Dr. charles shawley, predator hunting, hunting the hunters, predators west,predators quest,predator masters,coyote 101,coyote biology


   The coyote is an interesting critter. It’s found in every state except Hawaii, but given enough time you’ll probably hear reports of coyotes on Waikiki Beach. For decades humans have been trying to extirpate the coyote, but it has thrived nonetheless and will continue to do so for many years to come.

 The adult coyote stands roughly two feet tall at the shoulders and runs 4-5 feet from nose to tail tip.

 The average age adult coyote weighs somewhere between 25-45 pounds.

 However the farther North you go, the larger the coyote you’ll encounter as is stated in Bergman’s rule. This is because the farther North you go the larger the ratio of the animals volume to its surface area. This is intended to explain that animals can stay warmer in a colder environment, but there are other explanations to explain Bergman’s rule.

The coloration of the coyote tends to correspond with its environment but follows certain trends.

  1. The coyote is generally rust brown in color, although there are variations including brown, red, silver, black, and white. A coyote residing in timber country will exhibit more red coloration than a coyote dwelling in open country. Most coyotes have black-tipped tail although some have a white tip.
  2. The coyote track is smaller and narrower than that of a comparably sized domestic dog. The typical coyote track is roughly two and one half inches long, and the distance between tracks is generally 13-16 inches when the animal is at a walk. It saunters at a pace of roughly 4 mph, trots at roughly 8mph, and can hit speeds of more than 40 mph on a dead run which it can sustain for more than a mile (you have to allow plenty of lead to shoot a coyote running at top speed).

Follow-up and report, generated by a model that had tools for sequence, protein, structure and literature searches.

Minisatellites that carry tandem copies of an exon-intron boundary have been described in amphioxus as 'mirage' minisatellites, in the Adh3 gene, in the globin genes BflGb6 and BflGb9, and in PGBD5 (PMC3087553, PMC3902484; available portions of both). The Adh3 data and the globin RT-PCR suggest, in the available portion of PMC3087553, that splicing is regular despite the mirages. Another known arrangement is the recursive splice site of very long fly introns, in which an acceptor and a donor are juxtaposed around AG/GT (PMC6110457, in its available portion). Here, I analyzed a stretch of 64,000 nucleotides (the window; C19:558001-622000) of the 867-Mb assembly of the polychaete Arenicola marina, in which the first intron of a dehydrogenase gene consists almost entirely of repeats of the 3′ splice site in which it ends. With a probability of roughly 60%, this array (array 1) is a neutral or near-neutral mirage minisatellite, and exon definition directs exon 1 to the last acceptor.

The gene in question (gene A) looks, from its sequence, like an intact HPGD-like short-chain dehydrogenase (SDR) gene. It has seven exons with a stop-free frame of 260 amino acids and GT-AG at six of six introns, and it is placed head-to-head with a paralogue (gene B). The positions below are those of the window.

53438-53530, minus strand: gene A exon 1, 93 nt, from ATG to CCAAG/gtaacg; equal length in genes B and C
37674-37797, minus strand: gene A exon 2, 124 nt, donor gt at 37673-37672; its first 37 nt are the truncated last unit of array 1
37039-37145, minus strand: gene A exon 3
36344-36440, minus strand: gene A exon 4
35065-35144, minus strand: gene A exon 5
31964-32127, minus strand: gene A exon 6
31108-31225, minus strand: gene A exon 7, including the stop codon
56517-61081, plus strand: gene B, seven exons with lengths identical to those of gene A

It’s not by accident that coyote hunters are most successful during crepuscular periods (dawn and dusk). Coyotes are most active during these times. The amber-colored eyes of the coyote are optimized for hunting in low light. Their pupils are large and their retinas have higher concentrations of rods than cones giving them very keen night vision. Their heightened sensitivity to light also grants them the keen ability to detect movement, but it comes at a cost of color vision. While most hunters are aware of the incredible canine vision, not many know that it comes with limitations.

Coyote eyes have feature know as the tapetum lucidum, latin for “bright tapestry.” The tapetum lucidum reflects light back onto the retina so very dim has a second chance to find light sensitive rods.

It’s the tapeum lucidum you see when you shine a light in an animal’s eyes and observe that ominous glow. The tapedum ludidum give the coyote better night vision, but comes at a cost of resolution and clarity. As light is reflected back on the retina, the resulting image becomes blurry from light interference.

Canines posses two color receptors sensitive to yellow and blue wavelengths  that are active during daylight hours. While the well known ROYGBIV acronym covers color sensitivity to humans, coyotes have dichromatic vision. This changes the  acronym to yyywbbb for coyote eyesight.

Coyotes have very little sensitivity I the green spectral region causing lighter shades of green to appear white. Darker shades of green would appear as grey hues. It’s very likely that coyotes can see into the ultra light region of the spectrum, as their corneas do not block UV light from 300-400nm.

Take a look at any setting with that fact in mind, and you begin to get a sense of how radically different that scene would look to a canine.

The abundance of green you see is, to them, not there, Instead, the world is all shades of yellow, blue, and grey.

A pair of coyote eyes as photographed using a flash to show the tapedum lucidum located at the back of the eye underneath the retina. In the photo, this is the bright reflection seen through the pupils.